Using the classic model of the Ken Blanchard/Spencer Johnson-style business fable and adapting it to younger audiences, Debra Slover has created a sweetly illustrated book that empowers children, steers them toward positive patterning, and shows each child how to plant and nurture the seeds of good leadership while ridding their metaphorical gardens of the "weeds" (negative qualities that can harm children's self-esteem).
Debra Slover teaches children to sprout, grow, and nurture their leader within by developing positive thoughts, feelings, and behaviors. For educators, kids, parents, and grandparents, U.N.I.Q.U.E. Kids facilitates positive change in homes, schools, and beyond.
-Don Young, retired elementary school principal
The main character, a sheep named Hugh, suffers from low self-esteem, stemming from an environment where he was often criticized and never appreciated. When he stumbles into Leadership Farm, where a more open and loving way of being is the norm, he learns from human farm staffers Leda and Aristotle, as well as other animals like Annabelle the dog, Blossom the cow, and Robert the rooster, how to develop his own leadership qualities, and how to tend his own Leadership Garden.
A central mnemonic is the acronym, U.N.I.Q.U.E.: Understanding, Nurturing, Inventive, Quality, Unstoppable, Expression. Taking one letter at a time, Slover walks the reader through creating and encouraging the life-affirming, esteem-building, leadership skills characteristic, and harnessing the six qualities together to form a "Leadership Garden Legacy" based on mutual respect, cooperation, teamwork, and other values. Kids who've been bullied may respondespecially well.
U.N.I.Q.U.E. Kids is designed as a learning aid with the active participation of grownups who can read the book with a child (8-12) and provide mentoring and reinforcement in its concepts. Grandparents particularly enjoy using the book as a way to take an active role in developing their grandchildren's leadership potential.
Adapted from "U.N.I.Q.U.E.: Growing The Leader Within", her previous published self-help book for adults, leadership expert Debra J. Slover has adapted her work to the needs of children 8 to 12 years of age in "U.N.I.Q.U.E. Kids: Growing My Leadership Garden". With a thoroughly 'kid friendly' text embellished with full-color illustrations by Darlene Warner, "U.N.I.Q.U.E. Kids" teaches young readers how to develop positive thoughts, feelings, and behaviors while avoiding any negative influences that would erode their self-esteem, abilities or desires to be leaders in their peer group, or in their community.
U.N.I.Q.U.E. stands for Understanding, Nurturing, Inventive, Quality, Unstoppable, Expression. Parents, grandparents, teachers, mentors, and care-givers can utilize "U.N.I.Q.U.E. Kids" as a learning aid and facilitator in developing leadership qualities and attitudes within the hearts and minds of their young charges. "U.N.I.Q.U.E. Kids" is especially recommended for family, school, and community Self-Help/Self-Improvement reference and resource collections for children.
Debra J. Slover is well aware that books read in childhood leave a lasting impression. She defines a young mind's potential as a leadership garden. With the right cultivation, Slover believes every child can find the leader within. Her book sheds light on the seeds that form the foundation of a deeply-rooted character.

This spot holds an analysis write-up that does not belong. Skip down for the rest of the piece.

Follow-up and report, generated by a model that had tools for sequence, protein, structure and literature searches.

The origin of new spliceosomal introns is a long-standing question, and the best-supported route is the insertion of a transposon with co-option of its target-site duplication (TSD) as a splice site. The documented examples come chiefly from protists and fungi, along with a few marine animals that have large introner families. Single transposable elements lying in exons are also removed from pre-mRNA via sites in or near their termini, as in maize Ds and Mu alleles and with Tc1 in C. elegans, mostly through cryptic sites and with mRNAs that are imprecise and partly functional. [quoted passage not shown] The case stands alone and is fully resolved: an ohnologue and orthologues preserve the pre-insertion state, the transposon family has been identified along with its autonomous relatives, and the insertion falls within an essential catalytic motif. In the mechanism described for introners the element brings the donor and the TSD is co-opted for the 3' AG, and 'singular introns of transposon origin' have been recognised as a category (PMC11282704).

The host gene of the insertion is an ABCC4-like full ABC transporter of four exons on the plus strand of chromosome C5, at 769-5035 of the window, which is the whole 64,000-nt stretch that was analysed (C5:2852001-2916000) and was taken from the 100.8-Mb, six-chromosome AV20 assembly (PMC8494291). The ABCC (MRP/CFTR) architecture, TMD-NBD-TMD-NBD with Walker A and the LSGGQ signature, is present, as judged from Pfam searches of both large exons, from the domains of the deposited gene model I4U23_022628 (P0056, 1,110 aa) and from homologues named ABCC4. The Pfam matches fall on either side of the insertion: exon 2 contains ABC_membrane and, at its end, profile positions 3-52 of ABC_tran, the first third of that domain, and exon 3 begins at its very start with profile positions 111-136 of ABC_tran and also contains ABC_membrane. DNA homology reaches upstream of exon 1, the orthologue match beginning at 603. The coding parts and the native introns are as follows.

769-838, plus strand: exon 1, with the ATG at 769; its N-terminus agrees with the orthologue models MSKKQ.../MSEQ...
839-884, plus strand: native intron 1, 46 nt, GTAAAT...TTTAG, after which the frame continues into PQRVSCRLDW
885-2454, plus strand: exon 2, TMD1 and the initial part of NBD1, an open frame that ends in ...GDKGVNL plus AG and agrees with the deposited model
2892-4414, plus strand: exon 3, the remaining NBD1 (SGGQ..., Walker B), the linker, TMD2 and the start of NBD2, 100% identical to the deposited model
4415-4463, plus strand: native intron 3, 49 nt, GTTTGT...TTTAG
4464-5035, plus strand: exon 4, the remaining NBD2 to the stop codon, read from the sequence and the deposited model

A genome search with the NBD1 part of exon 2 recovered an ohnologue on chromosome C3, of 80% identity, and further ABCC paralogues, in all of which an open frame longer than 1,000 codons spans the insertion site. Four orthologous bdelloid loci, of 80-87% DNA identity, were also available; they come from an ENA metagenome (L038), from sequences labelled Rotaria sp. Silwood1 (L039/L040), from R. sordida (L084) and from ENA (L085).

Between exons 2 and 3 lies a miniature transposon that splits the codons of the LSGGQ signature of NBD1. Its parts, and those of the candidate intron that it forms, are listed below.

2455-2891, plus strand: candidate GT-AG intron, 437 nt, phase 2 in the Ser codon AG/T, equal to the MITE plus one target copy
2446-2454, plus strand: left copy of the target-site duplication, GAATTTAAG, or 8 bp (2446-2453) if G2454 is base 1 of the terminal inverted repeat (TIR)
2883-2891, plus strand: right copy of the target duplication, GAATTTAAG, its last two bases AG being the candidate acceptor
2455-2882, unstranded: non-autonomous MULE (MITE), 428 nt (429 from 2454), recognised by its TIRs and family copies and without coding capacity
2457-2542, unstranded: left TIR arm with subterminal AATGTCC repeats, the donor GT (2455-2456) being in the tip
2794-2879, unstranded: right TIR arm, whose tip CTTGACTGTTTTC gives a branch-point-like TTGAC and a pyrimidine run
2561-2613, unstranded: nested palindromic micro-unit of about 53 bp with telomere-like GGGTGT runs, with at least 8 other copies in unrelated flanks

Slover's goal is "to seed and nurture 11 million leadership gardens by 11-11-2011." Her mission is to provide children with tools to better themselves. "Imagine the future of our planet if we nurture each leader to sprout greatness," she states. She focuses on awakening the child's inherent abilities. It is not an adherence to a strict dogma or a step-by-step formula to mold a child to some preexisting ideal. Instead, a child's uniqueness is what is cherished. Leaders are not defined by the power to control, but by how they empower others through love. For Slover, leaders connect well with others because they combine their thoughts, feelings and behaviors into good choices.
The fable of the lost sheep Hugh is reiterated in the children's edition. The illustrations by Darlene Warner are more numerous and in color. Chapters conclude with a "Hugh Wants to Know" questionnaire reinforcing the moral lessons taught by each farm animal. The leadership concepts are explained with a vocabulary appropriate for ages 8 to 12. As Slover states, "It is an ideal book to be read aloud and discussed over eight sessions at home, in school or in youth groups."
Children will undoubtedly respond to the imagery of spring's arrival on the farm. The details of nature are meant to stir the physical senses while the accompanying leadership lessons awaken a child's curiosity and problem-solving skills. It is a winning combination to engage the mind, body and spirit in character-developing activities.
Slover's approach is realistic. Things happen in the outside world that cannot be controlled. Hugh's mother is attacked by coyotes. Howard the Horse is left to starve by his previous owner. Hugh is bullied by the farmer's son. Just by reading this book, bad things will not go away. Change depends on how children respond. A child's purpose and aim must play to his or her strengths. By tapping into their innate abilities, children are then able to face life's challenges. When one child demonstrates this inner strength, it empowers others to hone their leadership potential. One by one, new gardens are grown.